Uninfected red cells were treated with BBMQ for 24 hours in CCM-wash at 4°C with constant mixing. The cells were then centrifuged, supernatant removed and washed three times in 100× cell pellet volume of CCM-wash. For untreated controls, cells were incubated and washed in CCM-wash without BBMQ under identical conditions. To check the effectiveness of the cell washing protocol, cells were also incubated with an IC100 concentration of CQ (100 nM) for 24 hours and similarly washed. A CQ sensitive parasite strain (3D7) grew normally in these cells (data not shown). We also performed experiments that showed that BBMQ treatment had no effect on the morphology or osmotic fragility of red cells (tested up to 25 µM; data not shown). In the CQ treatment experiments, synchronized trophozoites were incubated with the washout cells for 12 hours to allow merozoite invasion to occur, after which CQ was added.

Isobologram analysis

Different fixed ratios of BBMQ and CQ (both at approximately 5× IC100 concentrations) were prepared, serially diluted, added to parasite cultures and growth assays conducted over a 48 hour incubation period. Stock solutions of BBMQ (250 µM) and CQ (0.8 and 40 µM for 3D7 and K1, respectively) were mixed together at the indicated proportions, serially diluted (2-fold) with CCM, and then mixed at a 1∶4 volumetric ratio with parasitized cells (∼1% parasitemia, 2% hematocrit in CCM. Samples were analyzed for growth after 48 hours incubation using YOYO-1 dye staining and flow cytometry [20].

TUNEL labeling

Thin blood smears prepared from parasite cultures were air-dried, fixed for 30 s in methanol, fixed for 20 min in 1% paraformaldehyde in PBS, washed in PBS, blocked and permeabilized with 1% BSA/0.05% Triton X-100 in PBS, and then labeled with the TUNEL assay. TUNEL assay labeling was performed using the Apo BrdU TUNEL Assay Kit (Molecular Probes, Eugene, OR) using methods described in [21].

Immunobloting

Mature pigmented trophozoite stage parasitized cells were harvested from parasite cultures using Percoll density gradient centrifugation, and washed three times in PBS. To isolate the intracellular parasites from the surrounding red cell, the washed cells were treated with 0.15% saponin (10× cell volume) for 10 min on ice, and then washed 3 times with 100× volume 0.15% saponin. The parasite pellets were suspended in SDS loading buffer containing 100 mM dithiothreitol (DTT), sonicated (3×30 s), and then heated to 95°C for 5 min. Samples of uninfected red cells were also prepared by addition to SDS loading buffer (with or without DTT and N-ethylmaleimide). Following centrifugation, the soluble fractions (20 µg per lane) were separated on 12% SDS-PAGE gels (Biorad, Australia) under reducing conditions. Following transfer to nitrocellulose membrane, they were blotted with antibodies against human Prx2, hyperoxidized Prx2 (Prx-SO2/3) and hexokinase (all from Abcam, Cambridge, MA), diluted in PBS/5% skim milk powder/0.05% Tween-20 overnight at 4°C. After washing (PBS/0.05% Tween-20), membranes were incubated with peroxidase-conjugated secondary antibodies for 4 h at 4°C. Chemiluminescent detection was performed using Immobilon Western Chemiluminescent HRP Substrate reagent (Millipore) and detected using a Chemi-Smart 5000 instrument (Vilber Lourmat).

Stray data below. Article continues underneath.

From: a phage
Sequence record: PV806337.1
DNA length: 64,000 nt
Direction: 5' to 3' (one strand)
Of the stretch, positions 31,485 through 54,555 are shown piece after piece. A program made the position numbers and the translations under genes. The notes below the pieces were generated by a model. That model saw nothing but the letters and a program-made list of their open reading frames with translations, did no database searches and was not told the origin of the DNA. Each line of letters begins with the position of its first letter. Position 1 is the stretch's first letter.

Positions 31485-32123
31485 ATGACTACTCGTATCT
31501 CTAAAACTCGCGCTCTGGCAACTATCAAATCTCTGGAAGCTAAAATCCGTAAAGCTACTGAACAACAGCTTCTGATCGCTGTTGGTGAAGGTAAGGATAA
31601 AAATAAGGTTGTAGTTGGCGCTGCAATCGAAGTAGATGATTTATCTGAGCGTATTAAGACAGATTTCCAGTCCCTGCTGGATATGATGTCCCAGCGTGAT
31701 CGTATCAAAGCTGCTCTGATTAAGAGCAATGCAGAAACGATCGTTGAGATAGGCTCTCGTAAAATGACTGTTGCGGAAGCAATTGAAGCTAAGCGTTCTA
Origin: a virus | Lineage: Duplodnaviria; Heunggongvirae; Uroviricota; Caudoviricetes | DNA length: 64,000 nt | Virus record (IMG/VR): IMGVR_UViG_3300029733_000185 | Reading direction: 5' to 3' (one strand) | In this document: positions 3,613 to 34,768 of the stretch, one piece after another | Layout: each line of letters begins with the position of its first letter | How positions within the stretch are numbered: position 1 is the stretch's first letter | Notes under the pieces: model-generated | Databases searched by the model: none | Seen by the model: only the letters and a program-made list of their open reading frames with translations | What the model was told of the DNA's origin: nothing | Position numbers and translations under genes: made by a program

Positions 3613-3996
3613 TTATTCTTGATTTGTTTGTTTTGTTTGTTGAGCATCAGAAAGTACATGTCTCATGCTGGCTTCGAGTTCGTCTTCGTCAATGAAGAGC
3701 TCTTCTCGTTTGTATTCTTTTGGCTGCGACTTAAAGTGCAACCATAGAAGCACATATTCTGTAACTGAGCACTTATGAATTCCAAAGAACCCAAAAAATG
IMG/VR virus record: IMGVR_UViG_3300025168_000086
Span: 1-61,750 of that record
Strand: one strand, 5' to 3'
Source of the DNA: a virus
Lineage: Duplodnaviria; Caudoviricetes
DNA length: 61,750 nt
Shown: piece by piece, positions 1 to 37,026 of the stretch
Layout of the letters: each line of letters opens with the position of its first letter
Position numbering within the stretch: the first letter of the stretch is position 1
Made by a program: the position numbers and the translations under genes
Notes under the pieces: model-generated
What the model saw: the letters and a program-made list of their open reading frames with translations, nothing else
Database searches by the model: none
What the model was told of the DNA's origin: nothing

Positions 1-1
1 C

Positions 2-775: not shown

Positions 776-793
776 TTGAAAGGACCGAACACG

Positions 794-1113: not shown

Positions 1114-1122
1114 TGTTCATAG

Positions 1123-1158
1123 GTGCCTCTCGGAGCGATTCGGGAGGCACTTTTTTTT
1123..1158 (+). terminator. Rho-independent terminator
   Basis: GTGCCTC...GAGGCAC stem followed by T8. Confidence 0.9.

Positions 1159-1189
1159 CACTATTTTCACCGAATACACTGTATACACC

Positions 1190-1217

Statistical Analysis

P values are calculated using two-tailed t-tests assuming equal variance.

Results

Red cell Prx2 is imported into P. falciparum parasites and inhibited by BBMQ

We first confirmed the presence of a functionally active Prx2 within intraerythrocytic-stage P. falciparum parasites grown in culture. Saponin purified parasites contained enriched levels of the protein, relative to another abundant cytosolic red cell protein, hexokinase (Figure 1A). The protein was also hyperoxidized, indicative of being enzymatically active in the parasite. Next, we showed that BBMQ inhibits Prx2 in human erythrocytes. Similar to the effects of BBMQ on Prx2 previously seen in human epithelial cells [18], exposure of red cells (from expired transfusion packs) to BBMQ induced the formation of high molecular weight forms of Prx2 that were stable under non-reducing conditions in the presence of N-ethylmaleimide. These effects were also concomitant with a reduction of the monomeric protein (Figure 1B). In addition, we analyzed the effect of BBMQ on levels of hyperoxidized Prx2, which is normally detectable in red cells [22]. BBMQ treatment resulted in reduced amounts of hyperoxidized protein, consistent with its ability to covalently bind to the peroxidatic cysteine of Prx2 and block subsequent hyperoxidation (Figure 1C).